The truth about copper poisoning from Moscow mules

August 11, 2017

[caption id="attachment_9517" align="alignleft" width="150"] Photo by Ted Eytan[/caption]

Head out on the town this summer and you’ll probably see it at some outdoor patio: a beverage clutched in the hands of someone who looks quite trendy, lime slices floating among ice cubes, condensation glistening on a cool, copper mug. The Moscow mule.

Moscow mules — not from Russia nor having anything to do with donkey/horse crossbreeds — are prepared with ginger beer, vodka and lime juice, and have been back in the spotlight in recent years.

However, worries have flurried after a recent news bulletin from the Iowa Alcoholic Beverages Division cast doubt on using copper mugs to serve the popular cocktail. Copper mugs have been the traditional serving method since the drink’s invention in the 1940s.

The Iowa agency adopted regulations prohibiting bars and restaurants from using copper mugs, based on FDA guidelines that suggest copper shouldn’t come into contact with foods or drinks that have a pH level below 6.0.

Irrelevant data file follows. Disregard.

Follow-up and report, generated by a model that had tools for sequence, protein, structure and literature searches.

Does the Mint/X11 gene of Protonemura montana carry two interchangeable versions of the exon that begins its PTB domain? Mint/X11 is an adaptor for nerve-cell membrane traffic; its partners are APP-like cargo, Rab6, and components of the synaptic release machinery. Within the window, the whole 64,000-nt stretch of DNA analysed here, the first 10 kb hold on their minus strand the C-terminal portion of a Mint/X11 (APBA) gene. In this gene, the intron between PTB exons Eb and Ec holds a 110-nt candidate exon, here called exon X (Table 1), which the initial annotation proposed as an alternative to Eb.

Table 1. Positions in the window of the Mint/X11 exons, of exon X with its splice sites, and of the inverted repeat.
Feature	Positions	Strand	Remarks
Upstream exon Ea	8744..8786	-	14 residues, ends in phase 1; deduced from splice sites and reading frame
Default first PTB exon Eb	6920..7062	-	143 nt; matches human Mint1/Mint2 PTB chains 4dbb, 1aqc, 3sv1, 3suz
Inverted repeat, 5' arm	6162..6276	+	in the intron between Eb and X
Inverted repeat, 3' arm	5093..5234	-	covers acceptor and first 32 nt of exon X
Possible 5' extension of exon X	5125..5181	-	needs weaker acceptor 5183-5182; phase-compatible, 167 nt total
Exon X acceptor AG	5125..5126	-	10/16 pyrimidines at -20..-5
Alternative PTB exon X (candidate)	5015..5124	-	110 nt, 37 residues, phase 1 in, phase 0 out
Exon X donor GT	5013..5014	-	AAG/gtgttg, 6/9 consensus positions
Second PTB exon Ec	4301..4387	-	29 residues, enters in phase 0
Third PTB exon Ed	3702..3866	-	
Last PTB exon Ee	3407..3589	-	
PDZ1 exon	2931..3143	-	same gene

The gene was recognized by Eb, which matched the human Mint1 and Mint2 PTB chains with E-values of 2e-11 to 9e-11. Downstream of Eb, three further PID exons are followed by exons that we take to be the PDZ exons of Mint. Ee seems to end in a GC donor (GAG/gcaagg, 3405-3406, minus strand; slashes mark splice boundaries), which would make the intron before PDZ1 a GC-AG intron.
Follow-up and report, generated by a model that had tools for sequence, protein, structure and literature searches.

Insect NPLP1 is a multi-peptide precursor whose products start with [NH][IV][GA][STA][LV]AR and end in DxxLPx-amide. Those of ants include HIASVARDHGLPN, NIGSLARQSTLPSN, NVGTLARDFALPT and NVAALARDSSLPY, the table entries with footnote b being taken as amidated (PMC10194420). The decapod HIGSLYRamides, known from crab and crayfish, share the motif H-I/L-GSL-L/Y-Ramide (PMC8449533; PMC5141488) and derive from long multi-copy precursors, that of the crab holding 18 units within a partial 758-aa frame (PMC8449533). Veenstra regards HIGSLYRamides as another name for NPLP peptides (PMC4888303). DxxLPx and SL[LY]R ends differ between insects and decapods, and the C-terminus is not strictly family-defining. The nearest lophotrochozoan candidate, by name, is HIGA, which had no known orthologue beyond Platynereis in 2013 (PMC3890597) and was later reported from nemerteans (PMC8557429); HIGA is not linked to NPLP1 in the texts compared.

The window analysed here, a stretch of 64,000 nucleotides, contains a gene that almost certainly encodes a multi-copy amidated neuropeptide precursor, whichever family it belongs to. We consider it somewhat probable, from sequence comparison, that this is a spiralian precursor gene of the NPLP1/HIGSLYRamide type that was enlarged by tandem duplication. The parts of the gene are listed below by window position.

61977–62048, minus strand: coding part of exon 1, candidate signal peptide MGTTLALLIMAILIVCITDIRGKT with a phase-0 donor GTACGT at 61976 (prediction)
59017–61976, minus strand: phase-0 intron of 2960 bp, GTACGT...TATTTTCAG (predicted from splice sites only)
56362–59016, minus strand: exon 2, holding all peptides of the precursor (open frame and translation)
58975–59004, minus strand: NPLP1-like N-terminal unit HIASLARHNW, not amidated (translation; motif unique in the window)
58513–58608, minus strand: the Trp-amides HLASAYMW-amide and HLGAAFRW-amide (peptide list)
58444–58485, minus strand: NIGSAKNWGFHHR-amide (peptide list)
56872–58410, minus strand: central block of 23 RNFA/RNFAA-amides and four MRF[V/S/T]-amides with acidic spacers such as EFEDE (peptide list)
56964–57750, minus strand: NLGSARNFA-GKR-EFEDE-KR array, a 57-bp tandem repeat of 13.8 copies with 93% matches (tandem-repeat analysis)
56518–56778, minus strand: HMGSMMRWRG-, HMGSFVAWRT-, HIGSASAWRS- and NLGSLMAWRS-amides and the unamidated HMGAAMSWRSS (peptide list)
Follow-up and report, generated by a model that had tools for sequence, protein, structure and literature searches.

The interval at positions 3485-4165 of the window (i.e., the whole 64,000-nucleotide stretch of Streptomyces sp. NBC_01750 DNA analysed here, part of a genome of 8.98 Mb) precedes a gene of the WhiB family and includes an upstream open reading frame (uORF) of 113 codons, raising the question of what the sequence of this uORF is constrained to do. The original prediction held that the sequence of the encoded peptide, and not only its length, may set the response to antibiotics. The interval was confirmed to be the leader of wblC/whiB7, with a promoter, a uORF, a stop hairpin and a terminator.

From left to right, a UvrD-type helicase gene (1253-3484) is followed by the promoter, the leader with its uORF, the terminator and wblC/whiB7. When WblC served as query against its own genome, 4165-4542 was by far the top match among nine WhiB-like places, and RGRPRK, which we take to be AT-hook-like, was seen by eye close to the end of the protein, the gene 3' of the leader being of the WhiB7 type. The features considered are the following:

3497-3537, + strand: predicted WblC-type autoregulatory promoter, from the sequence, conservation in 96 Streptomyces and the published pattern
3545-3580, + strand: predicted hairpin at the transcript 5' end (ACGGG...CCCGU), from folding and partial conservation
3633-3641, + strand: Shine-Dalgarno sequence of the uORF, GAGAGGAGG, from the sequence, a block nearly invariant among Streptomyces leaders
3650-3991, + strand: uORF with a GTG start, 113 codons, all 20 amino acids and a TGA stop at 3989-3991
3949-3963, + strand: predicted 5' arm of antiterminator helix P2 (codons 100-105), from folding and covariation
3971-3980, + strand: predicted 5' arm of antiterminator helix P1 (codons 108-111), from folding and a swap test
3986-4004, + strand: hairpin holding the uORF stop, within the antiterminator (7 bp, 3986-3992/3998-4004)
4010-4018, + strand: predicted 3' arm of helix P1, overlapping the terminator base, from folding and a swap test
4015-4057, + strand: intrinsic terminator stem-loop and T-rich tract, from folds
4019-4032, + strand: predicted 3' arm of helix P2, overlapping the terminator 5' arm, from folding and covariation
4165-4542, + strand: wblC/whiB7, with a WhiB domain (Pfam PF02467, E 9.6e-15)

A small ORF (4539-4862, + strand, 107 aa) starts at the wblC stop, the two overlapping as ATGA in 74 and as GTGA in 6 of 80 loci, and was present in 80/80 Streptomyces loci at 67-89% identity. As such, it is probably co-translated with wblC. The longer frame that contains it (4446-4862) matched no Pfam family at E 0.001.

On the pH scale, which is used to determine the acidity of a substance, 7 is neutral. Anything below that is acidic. The ingredients of Moscow mules fall “well below” 6.0, meaning that they can leach the easily-dissolvable copper off of their container and cause the not-so-fun experience of copper poisoning in drinkers. Copper poisoning can cause diarrhea, vomiting and jaundice.

University of Massachusetts Amherst chemist Trisha Andrew spoke to Huffington Post about the realities of any potential danger in drinking Moscow mules.

“It’s been suggested that a concentration of 30 milligrams of copper per liter has been noticed to cause nausea in a small population of test subjects,” she said. “So the question is: Over the duration of time that a Moscow mule sits in a copper mug, is that enough time and acidity to leach out 30 milligrams of copper per liter?”

Her answer: no. For one, the average drinker probably won’t even drink a full liter of Moscow mules in one night. What more, nursing a drink all night is not enough time for a significant amount of copper to be leached.

“Based on the dissolution rates, it’s just nonsensical,” Andrew said. “You have to let the copper mug sit in straight lime juice for a few hours before you can even start to begin to worry about [copper poisoning].”

Another reason you can probably relax and enjoy your drink: Many bars and restaurants already serve the cocktail in copper cups safely lined with tin or stainless steel.

Category: Food Safety, Toxicology